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Molecular Genetics of Inherited Neurological Diseases


The goals of this Neurogenetics Center are to understand the molecular/cellular etiology and to ameliorate the course of the hereditary phakomatoses, neurofibromatosis type 2 (NF2), tuberous sclerosis (TSC) and related disorders. NF2 schwannomas can cause deafness, pain and paralysis, and meningiomas result in brain compression and occlusion of major sinuses, which are life threatening. TSC has severe manifestations including seizures, mental retardation and autism. These neurofunctional diseases share features of disrupted signaling pathways leading to abnormal neural cell development and growth due to loss of function of tumor suppressor genes. The focus of the proposed studies is on understanding genetic and cellular factors contributing to formation and progression of tumors, as well as disruption of neural development, and on generating mouse models which will allow assessment of therapeutic strategies. Project 1 (Gusella/Ramesh) - Molecular genetics of meningioma and NF-related disorders: identify additional genes and signaling pathways involved in initiation and progression of meningioma, schwannoma and related tumors, including schwannomas in schwannomatosis, and angiomyolipomas and subungual fibromas in TSC, and the role of associated proteins in cytoskeletal dynamics and abnormalities in target cells; Project 2 (Kwiatkowski) - Mouse brain models of tuberous sclerosis: create and analyze authentic brain models of TSC in conditional Tsc1 knock-out mice to gain a detailed understanding of developmental events contributing to these lesions, including role of neuroprecursor cells and response to rapamycin therapy. Project 3 (Breakefield/Sena-Esteves) - Vector query and therapy for NF2 and TSC lesions: use viral vectors to evaluate the contribution of different Tsc1-null cell types to abnormal development of the brain and to rescue a Tsc1-null neurologic phenotype by gene replacement. MicroRNA profiling of meningioma will be used to elucidate changes in concert with genomic and mRNA analyses in Project 1. Mouse models of schwannomas will be used to investigate ontogeny and treatment. These projects will be supported by Cores for Administration (Breakefield), Clinical co-ordination (Thiele/Plotkin) including clinical assessment, databases and genotype/phenotype correlations and Neuropathology and tumor banking (Stemmer-Rachamimov/Louis) ensuring reliable collection and neuropathologic assessment of human and mouse tumor/tissue samples. These cores provide a major strength to the Center in coordinating basic research and clinical investigation to facilitate translation to patient care. Collectively these studies provide a concerted effort toward understanding the genes, proteins and cells that contribute to associated tumors and malformations in the nervous system underlying neurologic deficits in NF2 and TSC for the purposes of more effective diagnosis and development of treatment paradigms.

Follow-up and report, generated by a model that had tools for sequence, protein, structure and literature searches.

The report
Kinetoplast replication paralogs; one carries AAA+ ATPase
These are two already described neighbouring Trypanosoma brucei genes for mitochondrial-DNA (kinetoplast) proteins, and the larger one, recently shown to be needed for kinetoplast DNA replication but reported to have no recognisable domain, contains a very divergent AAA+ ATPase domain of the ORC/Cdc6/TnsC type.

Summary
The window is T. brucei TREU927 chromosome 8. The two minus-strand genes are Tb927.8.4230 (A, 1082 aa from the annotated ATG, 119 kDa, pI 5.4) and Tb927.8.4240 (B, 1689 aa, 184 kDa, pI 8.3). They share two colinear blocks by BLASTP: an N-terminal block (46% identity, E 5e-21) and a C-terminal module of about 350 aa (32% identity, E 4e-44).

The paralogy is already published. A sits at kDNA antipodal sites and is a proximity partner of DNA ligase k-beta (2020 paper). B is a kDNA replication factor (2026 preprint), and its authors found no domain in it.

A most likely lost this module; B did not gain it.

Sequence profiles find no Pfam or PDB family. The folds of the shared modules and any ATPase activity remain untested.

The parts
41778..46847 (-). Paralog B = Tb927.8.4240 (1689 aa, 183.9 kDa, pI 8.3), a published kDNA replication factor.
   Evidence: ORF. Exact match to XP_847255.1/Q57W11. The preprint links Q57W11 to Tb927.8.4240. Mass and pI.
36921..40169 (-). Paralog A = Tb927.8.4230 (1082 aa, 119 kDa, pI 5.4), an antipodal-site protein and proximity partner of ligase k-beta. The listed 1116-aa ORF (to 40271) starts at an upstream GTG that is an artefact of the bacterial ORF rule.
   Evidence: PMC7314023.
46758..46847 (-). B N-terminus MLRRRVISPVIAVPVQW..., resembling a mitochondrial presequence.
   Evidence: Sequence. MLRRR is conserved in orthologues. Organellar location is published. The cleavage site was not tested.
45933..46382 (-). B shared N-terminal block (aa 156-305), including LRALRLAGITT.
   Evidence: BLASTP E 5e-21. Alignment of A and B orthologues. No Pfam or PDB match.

Funded by the NIH National Center for Advancing Translational Sciences through its Clinical and Translational Science Awards Program, grant number UL1TR002541.